IP and Law

Baidu in the music business?

logo-mp3.gif
A major reason for search engine Baidu's popularity is its efficient MP3 search function, which allows Chinese music fans to easily find downloadable files of popular music. Of course most of this music is pirated, but Baidu's responsibilities is not clear, because the files are merely located, not hosted by Baidu.

The risk of a new law, or a lawsuit that goes after Baidu's MP3 search service for intellectual property infringement is sometimes cited as a danger for the search engine that is said to have the greatest number of users in China.

However, the risk also carries with it an opportunity. Reuters reports:

China's Baidu sets up online music partnership

Chinese Web search leader Baidu.com Inc. has set up a partnership with popular Chinese-language record label Rock Music Group to provide an online music streaming service.

Rock Music will license part of its music repertoire to Baidu users for free, and both companies will share revenue from Internet advertising, they said in a statement dated July 4.

If Apple could adapt faster than the record companies to the realities of the Internet and thus take the music industry by storm, why not Baidu?

China's record companies are in dire straits: they struggle to sell even sell legitimate copies of CDs, let alone MP3s. Baidu should easily be able to sign up several record companies to make their catalogues available online.

Baidu also has the connections and home grown China credentials to work out a partnership with China Mobile that would enable mobile downloads and an efficient billing system.

Baidu and the Chinese music business: it could be the start of a beautiful friendship.

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There are currently 4 Comments for Baidu in the music business?.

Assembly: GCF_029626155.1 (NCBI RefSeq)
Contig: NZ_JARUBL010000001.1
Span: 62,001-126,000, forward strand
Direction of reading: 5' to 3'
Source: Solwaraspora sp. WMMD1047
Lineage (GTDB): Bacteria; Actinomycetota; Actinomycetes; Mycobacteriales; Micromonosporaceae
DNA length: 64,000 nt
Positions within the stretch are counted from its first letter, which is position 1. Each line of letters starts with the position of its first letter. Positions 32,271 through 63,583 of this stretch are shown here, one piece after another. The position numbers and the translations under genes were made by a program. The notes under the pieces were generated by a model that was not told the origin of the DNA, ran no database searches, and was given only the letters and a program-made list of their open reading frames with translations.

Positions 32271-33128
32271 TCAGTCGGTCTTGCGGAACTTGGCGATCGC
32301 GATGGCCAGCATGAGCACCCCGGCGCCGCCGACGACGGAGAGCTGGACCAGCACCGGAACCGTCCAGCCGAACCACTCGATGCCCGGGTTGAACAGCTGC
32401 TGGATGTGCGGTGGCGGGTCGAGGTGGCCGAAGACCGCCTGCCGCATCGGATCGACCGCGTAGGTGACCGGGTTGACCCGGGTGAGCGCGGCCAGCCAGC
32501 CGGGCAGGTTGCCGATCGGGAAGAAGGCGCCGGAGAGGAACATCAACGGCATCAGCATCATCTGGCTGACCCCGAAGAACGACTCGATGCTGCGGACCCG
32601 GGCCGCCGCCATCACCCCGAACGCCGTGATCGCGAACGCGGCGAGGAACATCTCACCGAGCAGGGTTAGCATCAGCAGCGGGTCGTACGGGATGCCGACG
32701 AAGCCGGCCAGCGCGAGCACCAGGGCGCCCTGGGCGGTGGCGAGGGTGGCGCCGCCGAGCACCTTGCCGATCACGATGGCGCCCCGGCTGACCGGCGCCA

Comments on Baidu in the music business?

"A major reason for search engine Baidu's popularity is its efficient MP3 search function, which allows Chinese music fans to easily find downloadable files of popular music."

Love the word "EFFICIENT" in this context Mr. Goldkorn.

Efficient = ability to steal sh*t very easily

Hey, I'm all for it. As long as the musicians get paid. IMHO the musicians should get most of their revenue from live shows. Recording should be promotions. The current prices for recordings are way jacked up.

I think this model can work in China. Like you mentioned, revenues from recording in China are low.


That's exactly how this industry is running in China. But honestly, I don't feel this is fair to Chinese musicians.

One interesting phenomenon about this kind of intellectual property pirate cases in China is, it always leads to some form of partnership. I remember few years ago, ETS was suing Beijing New Oriental School(Xin Dong Fang) for millions of dollars( I'm not sure about the amount, but in my memory that was a staggering number) for the latter used the former's testing materials for its TOEFL/GMAT/GRE courses without permission. The lawsuit was settled down by some form of partnership between ETS and New Oriental School.

Back to the topic of letting users pay for mp3s, I think it 'll take a long while for users to adopt this concept in their mind.

Whatever If Chinese people do not download music from Baidu - they will download it from another Chinese website - Even if some begins to understand "copyright" concepts, historical events recall them to always reproduce, make copies ; Need time to change -

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